Often called the “City of Angels,” Bangkok is Thailand’s largest and most populous city. A sprawling and heady mix of modern skyscrapers, floating markets and longtail boats skimming the Chao Phraya River, the scintillating capital of old Siam engages all the senses. Yet it all seems devoutly grounded by the presence of its revered gilded wats, or temples. Wat Arun, in particular, can be seen from all corners of the city. This majestic riverside “Temple of Dawn” catches the first light of each day like a pearl, casting a soft glow on one of Asia’s most remarkable cities.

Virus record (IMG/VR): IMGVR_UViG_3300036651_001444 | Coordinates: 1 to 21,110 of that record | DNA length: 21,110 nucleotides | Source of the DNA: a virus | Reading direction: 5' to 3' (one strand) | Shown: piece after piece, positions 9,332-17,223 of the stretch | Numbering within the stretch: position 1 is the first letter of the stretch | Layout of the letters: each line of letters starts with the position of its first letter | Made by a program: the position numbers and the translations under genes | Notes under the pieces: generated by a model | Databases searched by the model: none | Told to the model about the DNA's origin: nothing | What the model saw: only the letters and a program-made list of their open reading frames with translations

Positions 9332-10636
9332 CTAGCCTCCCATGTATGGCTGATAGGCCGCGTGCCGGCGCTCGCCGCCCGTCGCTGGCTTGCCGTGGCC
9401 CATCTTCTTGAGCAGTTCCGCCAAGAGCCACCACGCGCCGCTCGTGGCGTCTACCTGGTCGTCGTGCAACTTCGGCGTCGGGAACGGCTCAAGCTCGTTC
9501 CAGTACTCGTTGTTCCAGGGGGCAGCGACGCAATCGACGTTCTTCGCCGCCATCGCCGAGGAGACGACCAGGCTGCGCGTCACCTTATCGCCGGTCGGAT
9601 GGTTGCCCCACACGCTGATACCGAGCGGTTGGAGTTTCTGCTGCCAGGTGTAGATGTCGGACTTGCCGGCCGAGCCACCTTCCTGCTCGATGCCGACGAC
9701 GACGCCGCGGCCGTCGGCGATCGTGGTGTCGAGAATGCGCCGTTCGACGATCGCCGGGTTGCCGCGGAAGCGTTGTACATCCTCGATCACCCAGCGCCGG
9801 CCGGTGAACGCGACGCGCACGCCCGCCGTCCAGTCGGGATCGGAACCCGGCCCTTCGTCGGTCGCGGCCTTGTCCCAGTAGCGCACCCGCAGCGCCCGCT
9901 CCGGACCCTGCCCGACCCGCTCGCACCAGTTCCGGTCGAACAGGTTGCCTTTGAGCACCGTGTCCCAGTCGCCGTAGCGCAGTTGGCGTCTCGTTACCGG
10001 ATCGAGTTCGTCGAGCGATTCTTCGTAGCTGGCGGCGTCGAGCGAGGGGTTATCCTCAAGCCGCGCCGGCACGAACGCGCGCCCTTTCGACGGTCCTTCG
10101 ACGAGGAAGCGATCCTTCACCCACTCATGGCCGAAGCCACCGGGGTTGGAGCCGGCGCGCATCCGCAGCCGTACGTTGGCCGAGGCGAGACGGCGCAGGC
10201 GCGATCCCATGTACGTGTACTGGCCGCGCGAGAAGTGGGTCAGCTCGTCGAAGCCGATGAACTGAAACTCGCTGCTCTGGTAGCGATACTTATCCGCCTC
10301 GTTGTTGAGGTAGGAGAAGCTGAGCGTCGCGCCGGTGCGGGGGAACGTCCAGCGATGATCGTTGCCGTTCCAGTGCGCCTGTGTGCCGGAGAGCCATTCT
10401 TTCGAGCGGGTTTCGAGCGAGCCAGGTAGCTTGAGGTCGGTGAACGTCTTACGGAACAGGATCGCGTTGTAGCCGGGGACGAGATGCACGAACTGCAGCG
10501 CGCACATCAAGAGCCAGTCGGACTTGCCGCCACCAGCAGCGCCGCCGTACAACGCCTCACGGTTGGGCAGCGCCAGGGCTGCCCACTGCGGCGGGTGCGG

Historic Siam of old, Bangkok is beautifully set on the Chao Phraya River. Thai culture is rich and engaging in this bustling center, and its origins are reflected through centuries-old Buddhist wats, or temples. The towering Wat Arun, named for the god of the rising sun, stands dramatically on the river’s banks. The revered temples and elegant buildings within the walls of the renowned Grand Palace date to the late 1700s. A gilded array of golden pagodas and stupas (shrines), it has been the royal family’s residence for more than 150 years. After breakfast, disembark your ship and journey home.
* One shore excursion included per port; all others available at an extra charge.